64. Hogancamp's alliance with director Jeff Malmberg in this artful and poignant film marks a victory in the war against the self.
  65. The result, Pina, is the most spirited and spectacular film about dance since Robert Altman's "The Company."
    • 83 Metascore
    • 88 Critic Score
    All of the performances are skilled, and yet it's Weaver (a veteran screen, television and stage actress in Australia) who, in a smaller role, creates the character who stays with you.
  66. For cinematic sojourners, Hugo is a trip to the moon.
  67. Despite the obvious mismatches involved, this isn’t a simplistic smackdown. Freighted with weighty issues, Captain Phillips is a film worth debating.
  68. Garcia’s performance, which won the best actress award at last year’s Berlin International Film Festival, is a marvel of self-effacing artistry.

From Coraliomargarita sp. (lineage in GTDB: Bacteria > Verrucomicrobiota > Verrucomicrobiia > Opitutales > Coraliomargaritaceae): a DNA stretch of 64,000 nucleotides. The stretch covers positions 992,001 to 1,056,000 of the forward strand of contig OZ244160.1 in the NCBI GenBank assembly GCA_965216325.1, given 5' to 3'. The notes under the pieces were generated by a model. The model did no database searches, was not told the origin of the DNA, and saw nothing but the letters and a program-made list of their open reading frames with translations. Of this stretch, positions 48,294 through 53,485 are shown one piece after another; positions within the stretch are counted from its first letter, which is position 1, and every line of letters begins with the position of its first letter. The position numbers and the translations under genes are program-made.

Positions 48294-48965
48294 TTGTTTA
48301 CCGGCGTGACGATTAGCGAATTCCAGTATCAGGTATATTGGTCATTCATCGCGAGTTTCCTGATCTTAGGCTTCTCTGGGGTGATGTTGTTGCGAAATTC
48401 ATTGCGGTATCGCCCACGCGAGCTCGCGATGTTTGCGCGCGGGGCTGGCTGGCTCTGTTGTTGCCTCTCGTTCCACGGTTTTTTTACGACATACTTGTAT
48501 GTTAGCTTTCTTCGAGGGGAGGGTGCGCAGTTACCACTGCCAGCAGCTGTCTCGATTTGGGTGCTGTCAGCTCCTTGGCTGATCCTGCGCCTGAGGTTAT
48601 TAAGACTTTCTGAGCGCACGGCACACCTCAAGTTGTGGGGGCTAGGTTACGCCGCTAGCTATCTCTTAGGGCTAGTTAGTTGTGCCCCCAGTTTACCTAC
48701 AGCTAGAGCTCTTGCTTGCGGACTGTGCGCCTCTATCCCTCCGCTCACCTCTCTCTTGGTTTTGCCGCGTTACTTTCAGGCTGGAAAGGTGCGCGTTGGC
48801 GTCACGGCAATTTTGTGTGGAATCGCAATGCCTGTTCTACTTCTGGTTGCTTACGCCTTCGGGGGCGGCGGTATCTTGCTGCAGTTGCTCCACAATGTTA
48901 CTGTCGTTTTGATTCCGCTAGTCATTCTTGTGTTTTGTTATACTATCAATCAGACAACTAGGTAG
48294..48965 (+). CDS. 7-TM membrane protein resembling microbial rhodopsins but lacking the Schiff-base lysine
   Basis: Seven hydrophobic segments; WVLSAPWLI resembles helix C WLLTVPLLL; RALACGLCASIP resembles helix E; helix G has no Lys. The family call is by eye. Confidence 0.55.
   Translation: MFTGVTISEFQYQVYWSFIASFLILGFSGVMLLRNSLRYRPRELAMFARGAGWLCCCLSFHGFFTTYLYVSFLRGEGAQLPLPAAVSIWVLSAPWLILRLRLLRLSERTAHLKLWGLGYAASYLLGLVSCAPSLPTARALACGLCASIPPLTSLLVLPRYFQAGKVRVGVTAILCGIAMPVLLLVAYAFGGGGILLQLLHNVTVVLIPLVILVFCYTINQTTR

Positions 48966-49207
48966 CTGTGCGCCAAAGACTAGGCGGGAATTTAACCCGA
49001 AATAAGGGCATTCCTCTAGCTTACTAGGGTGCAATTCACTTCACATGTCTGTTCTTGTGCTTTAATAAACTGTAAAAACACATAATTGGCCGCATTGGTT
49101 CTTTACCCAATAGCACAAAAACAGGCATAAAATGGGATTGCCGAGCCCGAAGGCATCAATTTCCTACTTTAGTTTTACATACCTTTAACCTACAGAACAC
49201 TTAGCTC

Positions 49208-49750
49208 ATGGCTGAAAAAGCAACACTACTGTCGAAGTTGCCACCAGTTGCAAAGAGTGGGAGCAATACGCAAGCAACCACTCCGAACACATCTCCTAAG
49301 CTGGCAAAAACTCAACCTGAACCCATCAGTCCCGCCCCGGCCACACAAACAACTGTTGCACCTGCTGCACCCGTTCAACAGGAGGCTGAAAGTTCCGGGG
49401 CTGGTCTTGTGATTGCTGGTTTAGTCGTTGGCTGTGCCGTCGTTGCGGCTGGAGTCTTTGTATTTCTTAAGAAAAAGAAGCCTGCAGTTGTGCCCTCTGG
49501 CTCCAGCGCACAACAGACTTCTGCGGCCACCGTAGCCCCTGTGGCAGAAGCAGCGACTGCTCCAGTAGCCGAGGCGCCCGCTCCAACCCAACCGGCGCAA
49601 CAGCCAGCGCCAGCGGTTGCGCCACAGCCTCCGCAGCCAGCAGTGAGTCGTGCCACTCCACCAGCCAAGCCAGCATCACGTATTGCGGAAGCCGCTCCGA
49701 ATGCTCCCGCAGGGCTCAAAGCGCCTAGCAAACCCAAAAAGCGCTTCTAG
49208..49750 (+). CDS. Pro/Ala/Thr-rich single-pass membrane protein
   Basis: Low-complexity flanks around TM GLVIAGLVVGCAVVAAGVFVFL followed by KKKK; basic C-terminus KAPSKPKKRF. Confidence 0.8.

69. Up in the Air may not end up as the best picture -- that will be decided by the Academy -- but it has landed in the middle of the discussion because it's laser-focused and right on time.
  70. The Holocaust must never be forgotten, but like many well-intentioned documentaries, The Flat derives more power from the implicit strength of the subject than from the explicit choices of the director.
  71. What makes Love Is Strange so special is that the challenges the couple face are more mundane than menacing.
  72. Ajami is neither a puzzle nor a polemic. It's an admirably even-handed portrait of life in an occupied ghetto that is bounded by checkpoints. Everyone we meet is a more or less honorably motivated victim of circumstance. That the circumstances were inscribed centuries ago makes Ajami a tragedy of biblical proportions.
  73. The Illusionist has surprises up its sleeve that are unusually nuanced for an animated movie.